Habemus infinitivum necne
No, not showing off, I had to ask a friend to correct my Latin (it's been a long time!) and there's a reason for the Latin phrase being added to the page because it loosely translates as We have an infinitive, or do we?.
First things first
What's an infinitive and would it go with a glass of Château Musar? Probably yes, as to the latter. As to the former, it's actually hard to state exactly what it is because the definition of the infinitive varies slightly depending on which language you're looking at.
Coming at the infinitive from English, it is often described as the dictionary form (also called the citation form), for example, to go or by dropping the to, simply go. It gets more complicated than that but I want to sidestep the precise definition of the infinitive in English because it's a bit of a head-bender (and that's me you're talking to!) and because the English concept is not really a helpful concept for Gaelic, as we'll see.
Anyway, this thing called the infinitive crops up in many European languages. For example, in Spanish, the basic form of verbs (those ending in -ir, -er or -ar) is referred to as the infinitive and these are also the forms you look for in the dictionary, for example, morir "(to) die" or masticar "(to) chew". In German, the equivalent is -en, for example, bedienen "(to) serve" or verniedlichen "(to) make cute". And so on.
What's the attraction?
Well, on the whole, the infinitive is the basis for inflection if the language in question has an inflection system. If in English, ignoring irregular verbs, you know (to) place then you know that by adding -(e)d you get the past, by adding -(e)s you get the he/she/it form (he/she/it places) and by adding -ing you get the participle (placing).
In some languages, you can also use infinitives to make ungrammatical but somewhat intelligible sentences if you're not fluent. So something like "I place money here yesterday" or "Ich lesen Buch", while not grammatical, can be understood. Infinitives are one of the first verb forms taught to students of English, German, Spanish or French because they allow you to say a lot relatively fast, with relative ease.
What about languages which are not English?
Depends. Some languages outside the Indo-European family entertain the idea of an infinitive. Others go even further and do not inflect at all - such as Cantonese where the verb 生 (sāng "to give birth") does not change at all, and it can also be a noun. As a verb, it takes no endings, no prefixes, no suffixes, no he/she/it -s ... nothing like that. You can add a word like 咗 (jó) to indicate that this was in the past but jó is seen as an independent word, not part of sāng.
And then there are languages which entertain neither concept. Many Native American languages have nothing even approaching an English infinitive. They use a system that is wholly un-inflected, un-changed and basic. You might ask, what happens in a Lakhóta dictionary? No sweat. Lakhóta considers the most basic form of a verb to be the 3rd person singular. So, while an English dictionary will list (to) sing, Lakhóta will list lowáŋ "he/she/it sings". Because if you look at the whole shebang, you'll see this is the form with the least amount of 'bits' stuck on:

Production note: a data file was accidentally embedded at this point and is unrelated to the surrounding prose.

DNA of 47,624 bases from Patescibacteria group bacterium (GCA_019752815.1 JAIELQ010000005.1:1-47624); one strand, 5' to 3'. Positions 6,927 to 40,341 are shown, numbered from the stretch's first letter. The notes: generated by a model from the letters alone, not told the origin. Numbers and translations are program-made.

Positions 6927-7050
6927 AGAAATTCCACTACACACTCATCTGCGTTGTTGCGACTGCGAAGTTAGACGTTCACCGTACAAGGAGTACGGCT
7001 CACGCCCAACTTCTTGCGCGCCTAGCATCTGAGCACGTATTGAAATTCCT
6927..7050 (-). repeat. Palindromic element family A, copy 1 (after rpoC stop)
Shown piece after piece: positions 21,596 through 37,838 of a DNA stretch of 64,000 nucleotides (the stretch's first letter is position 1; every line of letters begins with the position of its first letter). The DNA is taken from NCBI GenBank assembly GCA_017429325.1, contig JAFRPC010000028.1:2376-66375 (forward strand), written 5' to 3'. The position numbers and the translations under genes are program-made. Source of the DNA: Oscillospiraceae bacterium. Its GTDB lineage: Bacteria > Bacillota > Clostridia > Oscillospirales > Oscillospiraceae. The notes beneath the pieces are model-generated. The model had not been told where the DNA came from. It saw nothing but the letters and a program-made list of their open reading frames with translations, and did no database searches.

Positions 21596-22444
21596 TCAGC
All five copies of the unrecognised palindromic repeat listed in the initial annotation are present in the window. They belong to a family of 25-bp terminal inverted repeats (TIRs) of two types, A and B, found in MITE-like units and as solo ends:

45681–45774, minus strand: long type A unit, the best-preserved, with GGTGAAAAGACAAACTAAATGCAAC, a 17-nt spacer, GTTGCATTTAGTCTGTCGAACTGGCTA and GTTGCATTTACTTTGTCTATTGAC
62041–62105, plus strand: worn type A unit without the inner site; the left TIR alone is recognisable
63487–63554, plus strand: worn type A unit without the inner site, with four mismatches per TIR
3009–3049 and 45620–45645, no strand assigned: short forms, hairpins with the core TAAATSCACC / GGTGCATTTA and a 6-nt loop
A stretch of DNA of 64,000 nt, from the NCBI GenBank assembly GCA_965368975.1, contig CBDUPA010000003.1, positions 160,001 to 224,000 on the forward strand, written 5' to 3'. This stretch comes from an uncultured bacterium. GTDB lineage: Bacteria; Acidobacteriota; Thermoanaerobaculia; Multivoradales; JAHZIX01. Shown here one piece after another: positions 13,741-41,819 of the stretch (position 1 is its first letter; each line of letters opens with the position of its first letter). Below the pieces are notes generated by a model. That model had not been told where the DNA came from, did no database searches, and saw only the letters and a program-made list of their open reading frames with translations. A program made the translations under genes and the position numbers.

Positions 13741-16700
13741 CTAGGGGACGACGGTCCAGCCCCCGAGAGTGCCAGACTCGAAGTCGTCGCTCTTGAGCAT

|uŋlowáŋ||we two sing|
|uŋlowáŋpi||we (more than two) sing|
|yalowáŋpi||you (plural) sing|
Which brings us to Gaelic and the Gaelic dictionary in which the most un-inflected, un-changed and basic form of a verb is considered to be the imperative singular, the form you use to order one person around.
Once you know the imperative singular form, you can derive all but one of the required verb forms by applying a set of rules. Again, we're ignoring irregular verbs. So, as an example, using gearr! you get the following:
|gearraidh||to form the independent future, add -(a)idh to the imperative|
|ghearras||to form the relative future of a word beginning with b/c/d/g/m/p/s/t, lenite the initial letter and add -(e)as at the end|
|ghearramaid||to form the conditional of a word beginning with b/c/d/g/m/p/s/t, lenite the initial letter and add -(e)amaid at the end|
And so on. It's a fairly long list but on the whole entirely predictable.
The only form that is not predictable is the verbal noun. So just by looking at gearr, it's hard to guess how to say "cutting". It could be gearradh or gearrachdainn or gearramh or gearrail or gearrachd, and so on. While there are preferred forms common to many areas, in this case gearradh, there is usually a lot of variation between dialects. So, while one area says gearradh, another might prefer gearrachdainn. That isn't as confusing as it may sound because it's almost always clear from the word order that a word is or isn't a verbal noun and many people are fairly used to hearing different endings for verbal nouns.